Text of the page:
The strange, wonderful Netflix zombie show is a cult comedy looking for its cult.
What if one of the couples in the Saturday Night Live skit “The Californians” started eating people and they began rationally incorporating it into their lives? This is the question answered by Netflix’s new zombie-comedy Santa Clarita Diet. It’s an odd and arbitrary question, one that has more to do with the staleness of suburbia and marriage than the trappings of So-Cal, but the show manages to answer it with a diverse range of bizarre entertainment.
Sheila (Drew Barrymore) and Joel (Timothy Olyphant) are a normal married real estate duo trying to close deals and raise their daughter Abby (Liv Hewson) right. They live between two cops, Sheriff’s Deputy Dan (Ricardo Chavira) and city police officer Rick (Richard T. Jones), and their respective wives, Lisa (Mary Elizabeth Ellis) and Alondra (Joy Osmanski). Their conversations are chipper, vacuous, and domestic. The toaster oven has wiggly knobs, the neighbor boy Eric (Skyler Gisondo) has a crush on our daughter. That sort of thing.
Then Sheila has stomach problems during an open house. Stomach problems may be putting it lightly. She makes The Exorcist’s pea soup look like someone tried to pressure wash a driveway with a Super Soaker. She also coughs up a mysterious red orb that may or may not contain the secret to her (un)death. All we know for sure is that she’s got a taste for human flesh and their marriage just got way more interesting.
The show utilizes the Crazy Ex-Girlfriend-like juxtaposition of hyper-sunny aesthetics with dark narrative turns, saturating each shot with a beach tan even when things get bloody. And boy, do they ever. Santa Clarita Diet isn’t a show for the weak-stomached. Its crunchy, gushing, cannibalistic gore gibs its victims into food-like pieces too small and specific to ignore, like a baggie full of fingers for a midday snack (it’s a pun, you see) or a dislodged eyeball once Sheila starts to deteriorate.
The show’s visual flair usually involves its framing of its leads, who’re constantly hamming it up with heightened, weirdly stagey delivery, but every so often (especially in a late episode directed by Steve Pink) there’re some great sight gags to accompany the understated humor. For a show so drenched in bodily fluids, Santa Clarita Diet’s humor is wonderfully dry. The restraint and faith in its oddball scripts (delivered with absolute zeal by the self-assured Barrymore and manic Olyphant) matches with its dedication to its campy feel, giving the show a sketchy, late night EVIL DEAD vibe. It never quite feels like the show truly exists, but for the moment you’re happy you’ve found yourself on its end of the Twilight Zone.
The best part of the show, apart from sinking your teeth into its (constantly F-bombing) comic niche, is its cast. Aside from the leading couple, whose petty squabbles and tender asides feel as real and necessary to the show as their completely silly approaches to Dextering people in murder ponchos, the guest stars and supporting cast lift the show entirely with their faith in its wacky approach to the genre. Ellis and Osmanski are delightful housewife stereotypes, one hypersexual and the other a perfect machine that inputs small talk and spits out brilliant deadpan comedy.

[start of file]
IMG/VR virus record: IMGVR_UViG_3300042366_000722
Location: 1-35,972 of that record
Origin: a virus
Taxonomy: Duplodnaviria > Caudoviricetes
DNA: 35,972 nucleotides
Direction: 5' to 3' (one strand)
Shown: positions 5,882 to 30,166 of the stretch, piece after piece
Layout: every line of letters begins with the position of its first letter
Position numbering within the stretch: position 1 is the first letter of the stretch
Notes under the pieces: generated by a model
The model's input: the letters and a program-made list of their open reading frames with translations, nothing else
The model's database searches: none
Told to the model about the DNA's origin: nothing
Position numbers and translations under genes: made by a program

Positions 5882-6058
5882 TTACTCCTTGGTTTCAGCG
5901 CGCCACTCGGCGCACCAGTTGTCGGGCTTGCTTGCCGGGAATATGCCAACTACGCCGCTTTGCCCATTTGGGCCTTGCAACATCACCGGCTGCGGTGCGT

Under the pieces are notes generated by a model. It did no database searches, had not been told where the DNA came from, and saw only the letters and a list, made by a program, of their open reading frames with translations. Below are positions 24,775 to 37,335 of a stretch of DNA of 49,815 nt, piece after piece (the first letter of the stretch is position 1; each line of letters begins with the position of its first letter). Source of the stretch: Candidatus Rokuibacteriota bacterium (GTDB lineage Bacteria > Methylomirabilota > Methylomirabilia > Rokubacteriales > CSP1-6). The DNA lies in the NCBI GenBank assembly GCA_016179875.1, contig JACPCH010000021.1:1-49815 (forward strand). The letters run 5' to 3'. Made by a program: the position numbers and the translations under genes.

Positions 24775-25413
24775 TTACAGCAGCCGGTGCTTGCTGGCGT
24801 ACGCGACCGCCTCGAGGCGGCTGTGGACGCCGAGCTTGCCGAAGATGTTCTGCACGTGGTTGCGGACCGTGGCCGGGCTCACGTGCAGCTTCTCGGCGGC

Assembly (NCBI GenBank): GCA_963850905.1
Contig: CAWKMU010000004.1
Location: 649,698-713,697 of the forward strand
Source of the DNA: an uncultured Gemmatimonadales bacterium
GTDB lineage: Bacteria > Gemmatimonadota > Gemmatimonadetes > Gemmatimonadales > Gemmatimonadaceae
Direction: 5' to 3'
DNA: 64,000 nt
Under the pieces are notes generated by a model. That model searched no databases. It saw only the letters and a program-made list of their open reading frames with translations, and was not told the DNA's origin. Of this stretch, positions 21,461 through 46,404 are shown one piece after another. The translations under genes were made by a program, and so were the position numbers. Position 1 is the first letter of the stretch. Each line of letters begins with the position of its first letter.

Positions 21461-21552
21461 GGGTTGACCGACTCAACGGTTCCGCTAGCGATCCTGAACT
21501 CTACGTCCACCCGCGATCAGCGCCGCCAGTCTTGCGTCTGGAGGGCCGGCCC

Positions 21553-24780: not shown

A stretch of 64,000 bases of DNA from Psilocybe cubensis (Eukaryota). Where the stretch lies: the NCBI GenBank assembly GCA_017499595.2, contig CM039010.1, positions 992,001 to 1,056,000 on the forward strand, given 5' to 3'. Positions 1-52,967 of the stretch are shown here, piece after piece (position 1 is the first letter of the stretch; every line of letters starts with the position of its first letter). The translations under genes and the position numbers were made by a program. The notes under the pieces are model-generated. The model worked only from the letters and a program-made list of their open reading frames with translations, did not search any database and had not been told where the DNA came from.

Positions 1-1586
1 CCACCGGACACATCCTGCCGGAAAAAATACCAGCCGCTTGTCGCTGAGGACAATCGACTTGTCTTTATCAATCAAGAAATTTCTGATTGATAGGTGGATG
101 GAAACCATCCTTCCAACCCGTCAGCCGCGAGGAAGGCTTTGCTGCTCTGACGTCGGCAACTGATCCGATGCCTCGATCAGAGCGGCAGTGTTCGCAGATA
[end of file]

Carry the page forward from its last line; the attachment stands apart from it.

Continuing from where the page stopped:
Nathan Fillion stops by as a charming sleaze, Patton Oswalt as a suspicious doctor, Portia de Rossi as a zombie scientist, and Derek Waters as an awkward paranormal guru that just can’t stop peeing when interrogated at a urinal. A breakout star is an actress named Ramona Young that plays a frequently put-upon girl of the same name working at a Rite Aid. Her stony delivery is as weirdly philosophical in its humor as Aubrey Plaza’s is weirdly Satanic.
The kids, who develop a refreshingly platonic friendship, are stellar. Gisondo is a year or two away from being a secret comedy heartthrob, slipping his charm in between his hesitantly delivered burns and quietly relatable strangeness. Hewson is all fire. She’s clever and loud even when her dialogue isn’t, giving the show’s infrequent familial plotlines heart and wit. That the plot grows more complicated yet ties off loose ends as it goes is both satisfying and engaging, always letting us wonder what (or whom) the family will get into after they get out of THIS ridiculous situation. A healthy balance of mythology and mystery keep the stories varied, giving us breaks from the complications of Sheila’s feeding habits with the suspicions of the family’s law enforcement neighbors.
It’s a strange show and it’s not for everyone. It’s not a realistic show like we’re used to with the whole “regular people become murderers” premise. It’s neither dark nor gritty and includes at least one Vanilla Ice joke. All of these things work in its favor. A show with a premise this strange is intrinsically a show for a smaller demographic of people and Santa Clarita Diet’s smartest move is doubling down on what it thinks that twisted little segment would enjoy. If you’ve ever entertained the question of how you’d kill your brother, wife, or boyfriend if they were infected with a zombie virus, Santa Clarita Diet knows just how to whet your appetite.
Related Topics: Netflix